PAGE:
* Dollar/yen sags after on latest round of trade tensions
* US plans to limit Chinese investments in US tech firms -WSJ
* Lira trims gains after rallying on Turkey president vote win
* Commodity-linked currencies slip as oil rally runs out of steam (Updates throughout)
By Shinichi Saoshiro
TOKYO, June 25 (Reuters) - The dollar fell to a two-week low against the yen on Monday as a latest flare-up in global trade concerns dented investor risk appetites and drove down U.S. yields.
The greenback was down 0.4 percent at 109.54 yen after dropping to 109.45, its weakest since June 11.
Investors steered from risk, with Asian equities in retreat and Treasury yields declining, after the Wall Street Journal reported the U.S. Treasury Department is crafting rules that would block firms with at least 25 percent Chinese ownership from buying U.S. companies involved in “industrially significant technology”.
The report added to the sense of caution felt after U.S. President Donald Trump on Friday threatened to impose a 20 percent tariff on all cars imported from the European Union. The EU responded by saying it will have no choice but to retaliate to such a move.
“The dollar was already looking shaky against the yen in wake of the U.S. spat with the EU. Any positive breakthrough in trade talks would prompt bargain hunting of the dollar, but that is simply not happening,” said Kyosuke Suzuki, director of forex at Societe Generale in Tokyo.
“Even if the batch of U.S. data due this week prove to be strong, the dollar may not draw much support as long as trade worries are not cleared.”
This week’s U.S. indicators include housing-related data on Monday, the Conference Board’s consumer confidence index on Tuesday, durable goods orders on Wednesday and personal consumption expenditures (PCE) numbers on Friday.
The dollar index against a basket of six major currencies stood at 94.559 having retreated from 95.529, its highest level since July 2017, scaled early on Friday.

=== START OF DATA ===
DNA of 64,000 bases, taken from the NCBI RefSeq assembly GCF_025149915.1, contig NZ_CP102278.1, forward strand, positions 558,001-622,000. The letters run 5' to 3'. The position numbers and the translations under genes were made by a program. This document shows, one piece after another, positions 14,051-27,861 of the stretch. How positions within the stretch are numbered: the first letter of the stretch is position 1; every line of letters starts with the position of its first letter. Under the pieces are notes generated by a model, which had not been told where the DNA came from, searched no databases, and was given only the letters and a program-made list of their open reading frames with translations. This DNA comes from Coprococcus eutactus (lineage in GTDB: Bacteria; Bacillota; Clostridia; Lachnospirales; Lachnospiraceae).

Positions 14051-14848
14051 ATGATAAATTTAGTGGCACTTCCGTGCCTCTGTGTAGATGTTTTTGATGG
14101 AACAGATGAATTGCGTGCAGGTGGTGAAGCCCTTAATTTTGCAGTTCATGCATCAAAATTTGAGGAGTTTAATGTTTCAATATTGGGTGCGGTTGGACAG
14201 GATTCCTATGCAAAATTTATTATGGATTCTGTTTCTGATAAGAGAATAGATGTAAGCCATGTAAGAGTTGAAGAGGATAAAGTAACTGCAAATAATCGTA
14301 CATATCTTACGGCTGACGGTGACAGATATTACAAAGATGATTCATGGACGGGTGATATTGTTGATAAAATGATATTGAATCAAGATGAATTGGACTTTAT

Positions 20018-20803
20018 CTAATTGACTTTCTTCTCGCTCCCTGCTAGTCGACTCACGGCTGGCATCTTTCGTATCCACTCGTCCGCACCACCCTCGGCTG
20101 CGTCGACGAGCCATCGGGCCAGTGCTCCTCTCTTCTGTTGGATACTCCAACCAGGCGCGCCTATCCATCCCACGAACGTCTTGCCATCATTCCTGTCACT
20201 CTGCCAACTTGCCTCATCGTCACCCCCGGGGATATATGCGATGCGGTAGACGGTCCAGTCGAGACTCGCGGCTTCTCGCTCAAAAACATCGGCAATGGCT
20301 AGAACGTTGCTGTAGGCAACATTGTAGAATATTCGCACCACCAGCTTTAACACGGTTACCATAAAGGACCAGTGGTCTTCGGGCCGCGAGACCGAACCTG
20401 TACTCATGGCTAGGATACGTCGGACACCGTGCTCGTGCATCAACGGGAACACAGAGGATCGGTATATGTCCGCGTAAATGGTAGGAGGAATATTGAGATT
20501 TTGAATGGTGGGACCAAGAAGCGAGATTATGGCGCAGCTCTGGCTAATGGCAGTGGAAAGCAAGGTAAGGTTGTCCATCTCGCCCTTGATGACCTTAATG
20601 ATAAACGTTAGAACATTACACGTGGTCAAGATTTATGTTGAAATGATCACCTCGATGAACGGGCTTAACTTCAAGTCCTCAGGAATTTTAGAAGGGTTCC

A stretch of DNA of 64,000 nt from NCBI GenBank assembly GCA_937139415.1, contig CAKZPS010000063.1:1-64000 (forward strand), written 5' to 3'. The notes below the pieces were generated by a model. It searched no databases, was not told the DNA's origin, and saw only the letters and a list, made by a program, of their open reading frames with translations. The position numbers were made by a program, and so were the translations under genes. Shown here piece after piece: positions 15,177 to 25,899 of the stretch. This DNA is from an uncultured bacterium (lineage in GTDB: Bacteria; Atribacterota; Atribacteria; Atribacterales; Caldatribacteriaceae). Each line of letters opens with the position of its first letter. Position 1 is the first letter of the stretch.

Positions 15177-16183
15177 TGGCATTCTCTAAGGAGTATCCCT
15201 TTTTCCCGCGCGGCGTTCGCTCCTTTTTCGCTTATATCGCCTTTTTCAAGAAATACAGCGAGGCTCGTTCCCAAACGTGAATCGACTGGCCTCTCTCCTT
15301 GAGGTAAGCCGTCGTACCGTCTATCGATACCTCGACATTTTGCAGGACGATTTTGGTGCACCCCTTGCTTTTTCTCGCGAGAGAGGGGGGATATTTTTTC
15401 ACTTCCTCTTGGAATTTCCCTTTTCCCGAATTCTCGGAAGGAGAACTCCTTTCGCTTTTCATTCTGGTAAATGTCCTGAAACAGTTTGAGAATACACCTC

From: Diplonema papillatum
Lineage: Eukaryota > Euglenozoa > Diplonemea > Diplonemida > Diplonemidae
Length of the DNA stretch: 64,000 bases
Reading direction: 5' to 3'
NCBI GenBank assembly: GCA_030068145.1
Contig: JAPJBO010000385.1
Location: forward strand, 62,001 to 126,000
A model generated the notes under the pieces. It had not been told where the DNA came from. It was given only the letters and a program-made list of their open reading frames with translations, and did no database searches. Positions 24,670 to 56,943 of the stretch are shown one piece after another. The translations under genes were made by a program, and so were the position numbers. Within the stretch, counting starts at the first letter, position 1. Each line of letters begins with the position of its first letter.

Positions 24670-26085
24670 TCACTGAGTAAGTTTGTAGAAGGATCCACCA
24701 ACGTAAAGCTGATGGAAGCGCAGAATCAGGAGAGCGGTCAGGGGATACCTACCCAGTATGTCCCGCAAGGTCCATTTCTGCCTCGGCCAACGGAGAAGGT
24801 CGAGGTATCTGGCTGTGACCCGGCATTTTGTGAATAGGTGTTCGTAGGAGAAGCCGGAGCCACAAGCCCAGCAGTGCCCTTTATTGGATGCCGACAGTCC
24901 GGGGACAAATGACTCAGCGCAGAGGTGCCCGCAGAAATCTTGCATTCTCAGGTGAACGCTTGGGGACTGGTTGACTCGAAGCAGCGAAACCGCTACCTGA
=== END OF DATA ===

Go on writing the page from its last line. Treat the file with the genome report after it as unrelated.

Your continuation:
The greenback had climbed to the 11-month peak as higher U.S. yields underlined the divergence in monetary policies between the United States and Europe.
The dollar, however, began to sag towards the end of last week as U.S. yields lost their lift amid heightened trade tensions between Washington and the European Union. The 10-year Treasury note yield fell to a one-week low of 2.871 percent on Monday.
The euro was steady at $1.1654 after gaining about 0.5 percent on Friday. The single currency was lifted after Friday’s upbeat German and French business activity data and fresh assurances by Italian politicians that their nation would not leave the single currency.
“The euro is on a technical bounce but whether it can retain the uptrend depends on how the US-EU trade tensions pan out,” said Junichi Ishikawa, senior FX strategist at IG Securities in Tokyo.
“The trade spat has helped drive down both U.S. and German debt yields, and both the euro and dollar could lose out if tensions intensify,” he said. “The yen could end up the winner in such a case by attracting safety bids.”
Commodity-linked currencies dipped as a surge by crude oil prices ran out of steam amid the latest round of trade jitters.
Oil had rallied on Friday after OPEC agreed to an unexpectedly modest increase in production from next month after Saudi Arabia persuaded Iran to cooperate.
The Australian dollar was down 0.3 percent at $0.7418 after gaining 0.85 percent on Friday. The Aussie had fallen to a one-year low of $0.7394 last week, hurt by the Sino-U.S. trade spat.
The Canadian dollar slipped 0.25 percent to C$1.3295 per dollar after advancing 0.4 percent on Friday. The loonie had brushed a one-year low of C$1.3384 last week, buffeted by volatility in crude oil prices.
The Turkish lira was up about 0.5 percent at 4.64 per dollar, after jumping as much as 1.6 percent earlier.
The lira had initially soared after Turkish president Tayyip Erdogan and his ruling AK Party claimed victory in presidential and parliamentary elections on Sunday, overcoming the biggest electoral challenge to their rule in a decade and a half. (Reporting by Shinichi Saoshiro; Editing by Eric Meijer and Richard Borsuk)